NASA is reporting a positive status update from its Ingenuity Mars helicopter after it touched down onboard the Ingenuity rover last week.
The update comes before the craft prepares for the first helicopter flight on the red planet and will pave the way for flying robots in future manned and unmanned missions.
When Ingenuity takes off it will be a world-first… just not our world – a martian equivalent to the Wright brothers flying on Earth over a century ago.
Tim Canham, who is the operations lead released a statement late last week that showed both Ingenuity’s batteries charging and its base station operating correctly.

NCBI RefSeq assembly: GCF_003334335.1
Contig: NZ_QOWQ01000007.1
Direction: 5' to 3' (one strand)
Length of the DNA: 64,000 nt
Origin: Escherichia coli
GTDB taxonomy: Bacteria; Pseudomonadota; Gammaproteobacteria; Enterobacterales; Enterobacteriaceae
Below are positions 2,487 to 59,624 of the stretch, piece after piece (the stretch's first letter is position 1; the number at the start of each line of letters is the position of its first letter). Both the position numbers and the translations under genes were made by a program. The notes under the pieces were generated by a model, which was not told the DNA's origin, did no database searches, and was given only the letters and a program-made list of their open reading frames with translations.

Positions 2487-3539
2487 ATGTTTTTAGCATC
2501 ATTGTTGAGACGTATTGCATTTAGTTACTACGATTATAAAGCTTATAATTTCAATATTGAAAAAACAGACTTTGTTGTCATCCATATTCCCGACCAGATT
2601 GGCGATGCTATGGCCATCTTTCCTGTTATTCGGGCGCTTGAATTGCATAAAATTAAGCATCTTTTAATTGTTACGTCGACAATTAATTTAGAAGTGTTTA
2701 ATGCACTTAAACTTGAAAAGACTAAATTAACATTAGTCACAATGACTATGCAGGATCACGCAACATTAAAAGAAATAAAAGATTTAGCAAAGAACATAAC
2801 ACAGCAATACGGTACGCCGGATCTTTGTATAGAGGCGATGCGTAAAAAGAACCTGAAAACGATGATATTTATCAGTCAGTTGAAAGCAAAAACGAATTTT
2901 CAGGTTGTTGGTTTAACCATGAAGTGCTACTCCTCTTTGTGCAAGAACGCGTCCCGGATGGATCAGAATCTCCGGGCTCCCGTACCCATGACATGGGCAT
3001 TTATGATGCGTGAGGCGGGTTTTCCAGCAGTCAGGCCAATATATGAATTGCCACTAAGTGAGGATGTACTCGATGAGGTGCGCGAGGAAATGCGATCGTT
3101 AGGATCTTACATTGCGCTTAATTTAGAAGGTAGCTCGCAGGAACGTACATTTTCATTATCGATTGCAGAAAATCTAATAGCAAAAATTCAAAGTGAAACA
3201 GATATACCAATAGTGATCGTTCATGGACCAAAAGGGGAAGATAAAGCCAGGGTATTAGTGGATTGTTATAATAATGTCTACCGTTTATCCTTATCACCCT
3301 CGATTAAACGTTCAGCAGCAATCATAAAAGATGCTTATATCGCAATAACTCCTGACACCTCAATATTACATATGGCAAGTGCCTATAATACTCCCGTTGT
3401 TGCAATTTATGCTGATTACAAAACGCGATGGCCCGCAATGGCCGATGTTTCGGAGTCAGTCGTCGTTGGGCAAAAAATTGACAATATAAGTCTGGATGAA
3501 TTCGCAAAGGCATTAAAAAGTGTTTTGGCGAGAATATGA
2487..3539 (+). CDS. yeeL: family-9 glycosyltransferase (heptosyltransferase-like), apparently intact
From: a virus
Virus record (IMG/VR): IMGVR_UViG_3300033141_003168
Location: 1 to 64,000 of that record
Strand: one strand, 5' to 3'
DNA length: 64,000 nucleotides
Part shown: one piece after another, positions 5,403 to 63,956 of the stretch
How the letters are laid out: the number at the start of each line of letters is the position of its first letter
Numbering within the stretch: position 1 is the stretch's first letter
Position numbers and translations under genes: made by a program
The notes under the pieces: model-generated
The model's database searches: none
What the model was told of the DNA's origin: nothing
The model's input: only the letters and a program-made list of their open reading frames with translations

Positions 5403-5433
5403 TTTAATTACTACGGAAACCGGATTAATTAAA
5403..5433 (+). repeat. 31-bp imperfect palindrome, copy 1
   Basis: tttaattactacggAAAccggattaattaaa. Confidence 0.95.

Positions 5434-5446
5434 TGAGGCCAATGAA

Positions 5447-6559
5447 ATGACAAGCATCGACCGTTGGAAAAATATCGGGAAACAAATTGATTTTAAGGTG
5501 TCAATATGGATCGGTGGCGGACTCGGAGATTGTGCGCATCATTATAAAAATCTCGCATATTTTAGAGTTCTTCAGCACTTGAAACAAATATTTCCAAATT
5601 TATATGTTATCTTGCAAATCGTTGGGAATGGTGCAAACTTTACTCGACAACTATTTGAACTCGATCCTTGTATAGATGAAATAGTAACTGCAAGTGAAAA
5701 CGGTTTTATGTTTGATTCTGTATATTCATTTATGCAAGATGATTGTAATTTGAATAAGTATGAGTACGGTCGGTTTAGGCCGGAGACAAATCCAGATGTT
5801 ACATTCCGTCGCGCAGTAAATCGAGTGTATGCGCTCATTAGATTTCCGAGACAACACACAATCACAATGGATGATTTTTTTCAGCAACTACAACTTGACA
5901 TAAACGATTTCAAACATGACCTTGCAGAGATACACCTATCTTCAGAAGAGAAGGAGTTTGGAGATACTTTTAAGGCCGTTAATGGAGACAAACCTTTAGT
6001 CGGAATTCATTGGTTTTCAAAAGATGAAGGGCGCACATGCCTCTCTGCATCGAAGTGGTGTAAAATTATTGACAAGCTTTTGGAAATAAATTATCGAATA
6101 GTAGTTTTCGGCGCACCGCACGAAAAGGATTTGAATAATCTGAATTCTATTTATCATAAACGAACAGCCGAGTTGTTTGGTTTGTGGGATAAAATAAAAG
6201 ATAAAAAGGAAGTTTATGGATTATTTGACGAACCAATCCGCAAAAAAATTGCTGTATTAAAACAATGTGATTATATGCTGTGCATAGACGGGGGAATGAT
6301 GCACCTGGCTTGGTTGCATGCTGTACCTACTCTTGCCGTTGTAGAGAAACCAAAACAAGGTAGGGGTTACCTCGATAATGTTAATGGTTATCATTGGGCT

The helicopter, which is part of the Perseverance mission, weighs only four pounds and has a fuselage about the size of a tissue box, making it similar in size to many consumers drones.
However, Ingenuity still has to go through a few more steps before its flight. First of all, its batteries need to be fully charged.
The main rover has only supplied enough charge to get the batteries to 35% of capacity, it now has to rely on its own solar panel for the rest.
After that, the team must be confident that it has survived the cold Martian nights; where temperatures dropping to minus 90 degrees celsius.
The craft doesn’t yet have a scheduled take-off day but the team hope the mission will take off in the next 30 Martian days ( around 31 Earth days ).